History, Department of


Date of this Version

April 2008


Paper presented at the 3rd Annual James A. Rawley Conference in the Humanities — Imagining Communities: People, Places, Meanings. Lincoln, Nebraska, April 12, 2008. Sponsored by the University of Nebraska–Lincoln History Graduate Students’ Association. Copyright © 2008 Jonathan Gregory.


Beginning in 2003, grassroots quiltmaking projects were founded in the United States in response to Operation Enduring Freedom and Operation Iraqi Freedom. Marine Comfort Quilts, founded by Jan Lang, Operation Homefront Quilts, founded by Jessica Porter, and Home of the Brave Quilt Project, founded by Donald Beld, each endeavor to make and give memorial quilts to each family of America’s fallen in these wars. Each project involves a community of volunteers scattered across the nation, many who have never met each other but who communicate through various communications technologies.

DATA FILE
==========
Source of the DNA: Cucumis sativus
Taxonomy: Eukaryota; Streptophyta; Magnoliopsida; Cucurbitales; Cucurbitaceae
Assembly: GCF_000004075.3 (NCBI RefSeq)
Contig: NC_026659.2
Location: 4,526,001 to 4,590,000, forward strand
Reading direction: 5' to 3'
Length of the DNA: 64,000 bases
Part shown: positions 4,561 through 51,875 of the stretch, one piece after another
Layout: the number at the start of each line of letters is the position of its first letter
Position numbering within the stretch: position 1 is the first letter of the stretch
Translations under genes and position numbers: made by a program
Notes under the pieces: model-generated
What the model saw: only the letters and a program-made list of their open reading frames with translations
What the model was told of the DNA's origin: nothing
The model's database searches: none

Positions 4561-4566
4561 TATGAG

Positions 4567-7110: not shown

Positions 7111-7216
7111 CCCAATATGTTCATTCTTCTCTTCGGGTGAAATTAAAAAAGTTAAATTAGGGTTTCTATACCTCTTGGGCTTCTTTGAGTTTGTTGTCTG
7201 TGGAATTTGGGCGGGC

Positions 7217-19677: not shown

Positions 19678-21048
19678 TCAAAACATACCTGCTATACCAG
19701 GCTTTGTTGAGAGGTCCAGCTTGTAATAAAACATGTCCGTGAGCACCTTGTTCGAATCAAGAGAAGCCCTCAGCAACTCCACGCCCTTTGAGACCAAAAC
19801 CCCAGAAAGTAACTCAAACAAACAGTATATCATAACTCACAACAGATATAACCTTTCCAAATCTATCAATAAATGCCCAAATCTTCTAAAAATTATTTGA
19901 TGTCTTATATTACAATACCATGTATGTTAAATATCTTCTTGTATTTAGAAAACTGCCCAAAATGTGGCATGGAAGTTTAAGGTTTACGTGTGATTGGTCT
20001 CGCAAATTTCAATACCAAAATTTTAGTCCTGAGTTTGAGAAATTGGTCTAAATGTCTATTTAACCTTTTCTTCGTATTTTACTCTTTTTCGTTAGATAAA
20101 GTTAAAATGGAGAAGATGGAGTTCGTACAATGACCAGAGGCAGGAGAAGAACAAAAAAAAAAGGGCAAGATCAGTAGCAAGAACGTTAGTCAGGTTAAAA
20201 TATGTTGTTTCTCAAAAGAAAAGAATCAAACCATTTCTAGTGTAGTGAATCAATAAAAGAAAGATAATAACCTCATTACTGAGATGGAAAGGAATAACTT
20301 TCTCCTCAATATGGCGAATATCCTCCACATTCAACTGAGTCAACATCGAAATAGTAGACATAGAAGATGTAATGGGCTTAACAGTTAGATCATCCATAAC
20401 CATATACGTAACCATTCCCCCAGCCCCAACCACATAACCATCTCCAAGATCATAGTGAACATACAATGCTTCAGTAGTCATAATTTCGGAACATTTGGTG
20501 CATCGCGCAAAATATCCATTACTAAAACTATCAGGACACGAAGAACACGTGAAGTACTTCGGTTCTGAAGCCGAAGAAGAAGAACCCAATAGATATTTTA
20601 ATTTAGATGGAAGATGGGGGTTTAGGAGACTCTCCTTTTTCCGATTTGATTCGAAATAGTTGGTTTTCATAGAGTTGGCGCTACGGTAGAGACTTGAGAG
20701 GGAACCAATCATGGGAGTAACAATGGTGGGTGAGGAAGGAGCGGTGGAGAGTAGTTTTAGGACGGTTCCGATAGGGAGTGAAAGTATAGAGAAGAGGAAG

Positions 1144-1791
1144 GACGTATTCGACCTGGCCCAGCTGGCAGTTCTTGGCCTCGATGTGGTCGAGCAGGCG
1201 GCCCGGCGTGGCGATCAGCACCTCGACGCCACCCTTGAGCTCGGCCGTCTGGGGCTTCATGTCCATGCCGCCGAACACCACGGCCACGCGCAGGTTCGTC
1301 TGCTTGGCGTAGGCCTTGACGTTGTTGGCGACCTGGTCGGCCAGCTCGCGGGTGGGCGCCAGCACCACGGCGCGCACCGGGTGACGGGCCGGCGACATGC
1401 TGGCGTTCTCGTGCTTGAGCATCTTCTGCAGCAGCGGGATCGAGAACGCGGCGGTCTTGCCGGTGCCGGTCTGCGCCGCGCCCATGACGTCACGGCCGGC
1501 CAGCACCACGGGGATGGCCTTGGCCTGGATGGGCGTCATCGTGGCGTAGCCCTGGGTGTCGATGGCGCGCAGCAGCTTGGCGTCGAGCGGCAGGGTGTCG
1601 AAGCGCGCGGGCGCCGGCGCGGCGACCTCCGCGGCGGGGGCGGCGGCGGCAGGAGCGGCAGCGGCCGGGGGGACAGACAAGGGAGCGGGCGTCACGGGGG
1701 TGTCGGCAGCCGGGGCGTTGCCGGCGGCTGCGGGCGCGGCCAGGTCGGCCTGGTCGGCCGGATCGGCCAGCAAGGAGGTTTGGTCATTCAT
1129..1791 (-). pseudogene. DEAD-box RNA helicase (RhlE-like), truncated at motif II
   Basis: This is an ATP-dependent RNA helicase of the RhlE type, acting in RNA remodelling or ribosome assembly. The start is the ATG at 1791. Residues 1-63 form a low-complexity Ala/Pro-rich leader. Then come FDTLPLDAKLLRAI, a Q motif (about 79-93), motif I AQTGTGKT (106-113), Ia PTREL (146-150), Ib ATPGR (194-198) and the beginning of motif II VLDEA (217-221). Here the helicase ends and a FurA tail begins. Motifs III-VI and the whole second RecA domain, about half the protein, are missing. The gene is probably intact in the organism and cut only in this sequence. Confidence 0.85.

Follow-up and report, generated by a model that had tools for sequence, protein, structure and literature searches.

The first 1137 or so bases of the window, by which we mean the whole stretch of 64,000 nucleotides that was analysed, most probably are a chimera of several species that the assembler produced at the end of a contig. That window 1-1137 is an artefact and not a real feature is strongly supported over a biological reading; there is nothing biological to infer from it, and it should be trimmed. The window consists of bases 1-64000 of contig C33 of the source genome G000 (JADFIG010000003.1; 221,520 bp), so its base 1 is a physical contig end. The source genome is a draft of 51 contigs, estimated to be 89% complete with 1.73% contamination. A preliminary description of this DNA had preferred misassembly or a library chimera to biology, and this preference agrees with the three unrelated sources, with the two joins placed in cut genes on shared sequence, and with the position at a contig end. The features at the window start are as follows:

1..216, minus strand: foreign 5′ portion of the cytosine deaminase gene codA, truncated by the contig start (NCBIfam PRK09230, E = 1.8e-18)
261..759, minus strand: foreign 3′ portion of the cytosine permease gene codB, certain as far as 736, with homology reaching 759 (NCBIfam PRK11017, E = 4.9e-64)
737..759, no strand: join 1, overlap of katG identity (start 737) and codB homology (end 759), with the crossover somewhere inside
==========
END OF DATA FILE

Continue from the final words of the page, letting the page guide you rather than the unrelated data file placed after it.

Oral history interviews were conducted with the founders of the three projects listed above and with other quiltmakers who are active within them in order to understand the meanings of making and giving quilts and the meanings of quilts as messengers of comfort and care from quiltmakers to grieving military families. Two primary sites of meaning were identified: 1) the internal motivations that inspired quiltmakers to begin and continue participation in a quiltmaking project; and 2) the textual, symbolic, and personal messages invested in and inherent within the quilts. These form a meaning-making process that effectively delivers the messages of comfort and care in spite of the social and geographical distance between quiltmakers and the military families.

Included in

History Commons